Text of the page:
Plus, the administration’s approach fails to acknowledge that not everyone has a boat that is sea worthy; too many Americans are drowning without the cultural capital—high school and college diplomas, access to professional networks, financial safety nets etc.—that serves as a life vest for so many of us in the middle classes when we struggle. According to a recently released report from the University of Michigan and Harvard University, 1.46 million American families, and 14 percent of all American children, are living in extreme poverty. The numbers are even more bleak if we include high priced urban areas, such as New York City, where almost 25 percent of children are living below the poverty line.
Just as neglect of the poor turns out to be non-partisan, poverty itself knows no boundaries. According to the National Poverty Center, 22 percent of America’s poor are Latino, 25 percent are black, and 45 percent are white.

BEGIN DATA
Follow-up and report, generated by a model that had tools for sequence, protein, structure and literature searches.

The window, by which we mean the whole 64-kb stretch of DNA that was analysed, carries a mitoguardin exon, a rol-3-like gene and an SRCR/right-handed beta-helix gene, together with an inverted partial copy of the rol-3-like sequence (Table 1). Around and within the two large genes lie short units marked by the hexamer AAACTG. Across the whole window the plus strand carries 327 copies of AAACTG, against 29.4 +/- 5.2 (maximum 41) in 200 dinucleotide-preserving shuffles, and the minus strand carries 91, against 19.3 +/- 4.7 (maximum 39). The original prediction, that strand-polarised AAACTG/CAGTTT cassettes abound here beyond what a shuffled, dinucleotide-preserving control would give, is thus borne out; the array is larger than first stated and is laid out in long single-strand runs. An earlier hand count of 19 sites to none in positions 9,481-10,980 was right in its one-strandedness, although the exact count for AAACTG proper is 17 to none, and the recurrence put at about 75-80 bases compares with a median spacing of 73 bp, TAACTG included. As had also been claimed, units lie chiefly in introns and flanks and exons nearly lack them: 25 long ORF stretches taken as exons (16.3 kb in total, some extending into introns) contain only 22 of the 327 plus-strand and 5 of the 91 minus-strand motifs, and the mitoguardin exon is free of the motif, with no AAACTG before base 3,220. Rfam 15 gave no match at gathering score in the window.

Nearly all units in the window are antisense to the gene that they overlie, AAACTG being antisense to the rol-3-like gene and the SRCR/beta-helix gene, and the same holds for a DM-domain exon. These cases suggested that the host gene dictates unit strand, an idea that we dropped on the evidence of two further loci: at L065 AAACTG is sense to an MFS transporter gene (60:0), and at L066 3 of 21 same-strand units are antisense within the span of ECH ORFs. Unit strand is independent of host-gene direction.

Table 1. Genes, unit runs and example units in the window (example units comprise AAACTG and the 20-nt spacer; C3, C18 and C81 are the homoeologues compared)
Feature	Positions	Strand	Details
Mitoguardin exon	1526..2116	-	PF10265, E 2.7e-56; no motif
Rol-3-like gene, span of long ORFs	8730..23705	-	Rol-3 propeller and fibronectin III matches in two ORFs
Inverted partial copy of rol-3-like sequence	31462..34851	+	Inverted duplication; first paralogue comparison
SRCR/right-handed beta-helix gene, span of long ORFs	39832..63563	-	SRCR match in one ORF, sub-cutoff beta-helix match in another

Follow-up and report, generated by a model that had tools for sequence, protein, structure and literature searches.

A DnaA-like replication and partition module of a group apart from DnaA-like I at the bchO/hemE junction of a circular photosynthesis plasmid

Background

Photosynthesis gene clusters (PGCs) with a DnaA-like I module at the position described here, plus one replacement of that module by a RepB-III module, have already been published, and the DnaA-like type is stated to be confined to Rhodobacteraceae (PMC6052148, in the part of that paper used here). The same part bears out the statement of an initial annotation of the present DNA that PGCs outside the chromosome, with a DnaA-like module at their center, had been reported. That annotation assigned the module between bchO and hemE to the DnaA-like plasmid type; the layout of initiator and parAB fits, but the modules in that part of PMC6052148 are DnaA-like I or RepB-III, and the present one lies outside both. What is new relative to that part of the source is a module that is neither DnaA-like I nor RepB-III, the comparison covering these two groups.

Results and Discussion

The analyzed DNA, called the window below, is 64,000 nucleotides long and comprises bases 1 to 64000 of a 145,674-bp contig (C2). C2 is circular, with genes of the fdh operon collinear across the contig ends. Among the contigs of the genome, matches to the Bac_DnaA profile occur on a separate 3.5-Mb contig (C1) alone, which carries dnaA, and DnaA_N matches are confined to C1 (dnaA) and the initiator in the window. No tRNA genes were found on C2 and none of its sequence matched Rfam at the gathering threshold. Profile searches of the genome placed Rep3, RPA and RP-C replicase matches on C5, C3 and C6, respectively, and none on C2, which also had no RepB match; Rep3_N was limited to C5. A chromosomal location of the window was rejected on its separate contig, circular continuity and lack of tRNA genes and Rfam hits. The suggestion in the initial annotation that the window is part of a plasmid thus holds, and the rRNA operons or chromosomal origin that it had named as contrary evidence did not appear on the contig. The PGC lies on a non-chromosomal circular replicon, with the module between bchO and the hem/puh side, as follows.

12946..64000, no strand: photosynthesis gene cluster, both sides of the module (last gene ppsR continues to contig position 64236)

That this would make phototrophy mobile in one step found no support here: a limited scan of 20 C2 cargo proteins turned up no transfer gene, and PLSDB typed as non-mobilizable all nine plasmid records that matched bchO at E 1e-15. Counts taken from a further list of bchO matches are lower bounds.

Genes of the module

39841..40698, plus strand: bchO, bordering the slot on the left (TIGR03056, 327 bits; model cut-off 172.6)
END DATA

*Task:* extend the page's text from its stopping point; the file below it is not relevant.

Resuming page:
Posted by dajoki | Mon Apr 2, 2012, 06:05 PM (25 replies)
Supreme Court: Strip searches, even for minor offenses
By Pete Williams, NBC News chief justice correspondent
Siding with security needs over privacy rights, the Supreme Court ruled Monday that jailers may subject people arrested for minor offenses to invasive strip searches.
By a 5-4 vote, the court rejected a challenge from a New Jersey man who argued it's unconstitutional to force everyone to strip down for inspection. Albert Florence was arrested by a state trooper because of an error in the state's records that mistakenly said he was wanted on an outstanding warrant for an unpaid fine. Even if the warrant had been valid, failure to pay a fine is not a crime in New Jersey.
Florence was held for a week in two different jails before the charges were dropped. But at each jail, he was required to shower with delousing soap and undergo a strip search.
Florence's lawyers argued such seaches are unconstitutional unless police have reason to believe the subject is carrying a weapon or drugs.